Synergism isn't a word that's thrown around much in land-development circles but it is used emphatically and effectively by the developers of the South Coast Corporate Center in Costa Mesa.
The center, on 14 acres at the intersection of Bristol St. and Paularino Ave. directly across the San Diego Freeway from the existing South Coast Plaza and Town Center, will be a $120-million office and hotel complex when completed.
Construction has begun on the first phase, consisting of a six-story, 130,000-square-foot building and a free-standing, 5,000-square-foot building for a financial institution, with first occupancies scheduled for next March.
Synergism was brought up by Gregory L. Butcher; he and James M. Heitbrink are principals of California Pacific Properties, a company that includes as a partner the firm of C. J. Segerstrom & Co. South Coast Corporate Center is being developed by a joint venture of California Pacific Properties and Metropolitan Life Insurance Co.
The word refers to an interaction among two or more entities in which their simultaneous action has a greater total effect than the sum of their individual actions.
"The synergism of an office complex and a first-class hotel has been repeatedly demonstrated in Southern California," Butcher said, citing as examples Century City and the nearby Westin-South Coast Town Center complex. "When properly planned, the two properties seem to naturally augment one another.
"Office building tenants gain the benefit of a selection of restaurants, nearby conference and meeting spaces, and convenient hotel rooms for business visitors. The hotel gains a neighbor who's quiet at night and on the weekends.
"Since both building complexes are totally people-oriented, they incorporate excellent standards of design and planning, landscaping and amenities, and one complements the other."
There will be three six-story office buildings in South Coast Corporate Center as well as the free-standing financial building, for a total of 395,000 square feet. They were designed by Herbert Nadel AIA & Partners of Los Angeles. Saffell & McAdam of Irvine is the general contractor, and the landscaping will follow a design developed by a joint venture of Fong & Associates and Hogan Roy Partners, both of Costa Mesa.
The first phase now under construction will have surface parking; Phase 2 will include a parking structure.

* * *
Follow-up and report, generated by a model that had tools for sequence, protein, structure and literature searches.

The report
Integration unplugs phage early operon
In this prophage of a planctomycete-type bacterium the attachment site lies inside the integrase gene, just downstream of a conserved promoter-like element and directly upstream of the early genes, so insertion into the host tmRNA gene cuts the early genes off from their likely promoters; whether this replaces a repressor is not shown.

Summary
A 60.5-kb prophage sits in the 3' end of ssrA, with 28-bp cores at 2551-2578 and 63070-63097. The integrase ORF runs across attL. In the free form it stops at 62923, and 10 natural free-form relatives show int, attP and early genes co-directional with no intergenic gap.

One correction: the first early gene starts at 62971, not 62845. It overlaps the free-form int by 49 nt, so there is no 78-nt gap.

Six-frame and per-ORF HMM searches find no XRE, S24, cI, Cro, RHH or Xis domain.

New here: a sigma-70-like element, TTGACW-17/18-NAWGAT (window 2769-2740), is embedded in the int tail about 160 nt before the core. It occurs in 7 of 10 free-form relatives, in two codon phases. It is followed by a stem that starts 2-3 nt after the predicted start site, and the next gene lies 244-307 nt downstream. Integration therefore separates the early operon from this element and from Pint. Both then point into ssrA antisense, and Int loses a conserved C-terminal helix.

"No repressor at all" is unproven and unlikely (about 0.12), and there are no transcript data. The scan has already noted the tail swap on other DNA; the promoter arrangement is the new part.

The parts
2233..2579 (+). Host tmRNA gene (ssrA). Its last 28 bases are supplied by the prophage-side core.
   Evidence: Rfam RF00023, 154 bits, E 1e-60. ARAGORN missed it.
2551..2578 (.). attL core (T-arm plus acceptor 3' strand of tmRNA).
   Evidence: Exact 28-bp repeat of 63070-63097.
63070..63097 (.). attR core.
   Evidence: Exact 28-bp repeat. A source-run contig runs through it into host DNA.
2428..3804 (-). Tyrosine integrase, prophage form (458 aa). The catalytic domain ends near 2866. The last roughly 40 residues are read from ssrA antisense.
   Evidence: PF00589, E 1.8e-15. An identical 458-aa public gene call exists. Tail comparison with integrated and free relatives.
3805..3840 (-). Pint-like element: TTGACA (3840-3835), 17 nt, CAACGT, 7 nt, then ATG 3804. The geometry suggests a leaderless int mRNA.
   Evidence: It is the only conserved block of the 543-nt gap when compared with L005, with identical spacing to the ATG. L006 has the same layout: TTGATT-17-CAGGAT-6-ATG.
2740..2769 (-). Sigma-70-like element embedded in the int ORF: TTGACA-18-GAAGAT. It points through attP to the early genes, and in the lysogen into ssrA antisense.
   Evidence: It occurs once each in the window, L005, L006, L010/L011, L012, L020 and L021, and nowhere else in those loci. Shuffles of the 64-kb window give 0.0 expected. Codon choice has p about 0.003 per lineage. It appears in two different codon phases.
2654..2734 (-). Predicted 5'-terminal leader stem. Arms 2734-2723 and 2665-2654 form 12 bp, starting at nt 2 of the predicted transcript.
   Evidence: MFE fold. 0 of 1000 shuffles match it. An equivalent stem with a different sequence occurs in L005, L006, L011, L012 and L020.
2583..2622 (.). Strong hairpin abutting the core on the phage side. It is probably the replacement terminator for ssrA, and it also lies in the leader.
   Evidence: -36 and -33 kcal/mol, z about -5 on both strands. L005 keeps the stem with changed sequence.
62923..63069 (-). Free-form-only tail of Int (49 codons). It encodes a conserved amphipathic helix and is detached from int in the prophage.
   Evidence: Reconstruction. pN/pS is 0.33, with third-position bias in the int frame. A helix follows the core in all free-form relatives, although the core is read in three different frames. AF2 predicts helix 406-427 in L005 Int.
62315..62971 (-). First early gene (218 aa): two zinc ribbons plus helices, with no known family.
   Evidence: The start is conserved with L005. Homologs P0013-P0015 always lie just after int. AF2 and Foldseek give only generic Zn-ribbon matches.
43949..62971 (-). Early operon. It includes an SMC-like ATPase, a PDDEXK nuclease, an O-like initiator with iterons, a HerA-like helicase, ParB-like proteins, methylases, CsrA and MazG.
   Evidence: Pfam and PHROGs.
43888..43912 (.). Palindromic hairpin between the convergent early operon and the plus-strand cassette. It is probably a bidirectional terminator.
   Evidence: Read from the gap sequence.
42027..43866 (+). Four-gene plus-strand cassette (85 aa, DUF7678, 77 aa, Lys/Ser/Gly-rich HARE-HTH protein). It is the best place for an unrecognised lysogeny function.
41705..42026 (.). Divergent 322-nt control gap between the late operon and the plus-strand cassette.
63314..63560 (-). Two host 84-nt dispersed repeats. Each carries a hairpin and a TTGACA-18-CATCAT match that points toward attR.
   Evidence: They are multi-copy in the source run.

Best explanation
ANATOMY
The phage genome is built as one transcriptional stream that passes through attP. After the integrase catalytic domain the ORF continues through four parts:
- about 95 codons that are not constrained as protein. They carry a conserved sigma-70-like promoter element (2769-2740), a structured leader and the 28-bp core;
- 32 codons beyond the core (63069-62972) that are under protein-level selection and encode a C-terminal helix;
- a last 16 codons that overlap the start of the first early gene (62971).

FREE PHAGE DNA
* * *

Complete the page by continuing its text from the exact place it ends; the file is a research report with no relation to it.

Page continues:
Staff members of Frost Trinen Partners, the exclusive leasing agent, said the free-standing building will occupy the only remaining such site in the area.
The design will incorporate many corner office suites and the sixth floor of each building will have balconies. Between the three buildings will be a stone-paved courtyard focusing on a waterscape.
"Automobiles can drive through the court," the developers said, "but it is primarily for pedestrian use and to be a center for outdoor relaxation for office tenants."
Construction is also under way on the 500-room Red Lion Inn, designed by Peter A. Lendrum & Associates of Phoenix, with a vaulted, glass-roofed atrium accommodating four glass-walled observation elevators. The Vancouver, Wash.-based Red Lion chain owns and operates 56 inns and hotels in eight western states but this will be its first in Orange County.
The hotel will have 13 meeting rooms, including a 12,400-square-foot ballroom, for a total of more than 23,000 square feet of banquet and meeting space. Public facilities will include a beauty salon, gift shop, gourmet dining room, coffee garden, live-entertainment lounge and Mexican restaurant, as well as an outdoor swimming pool with terrace sun deck and spa and an exercise room with sauna.
Earlier, California Pacific Properties introduced Lake Center to the South Coast Metro Region; it is a 750,000-square-foot, $90-million office park that is soon to be expanded. Heitbrink and Butcher, along with Segerstrom, will co-develop a new, 680,000-square-foot shopping mall west of Bear Street in Costa Mesa, adjacent to South Coast Plaza.
"South Coast Corporate Center is very much in keeping with the eclectic, mixed-use approach found through the South Coast Metro," Butcher said. "Business offices are side by side with retail centers; research-and-development complexes coexist comfortably with hotels and restaurants, and entertainment--movies, theaters, sports clubs--is right there too.
"It's a unique blending that probably doesn't exist in quite the same way anywhere else in the country."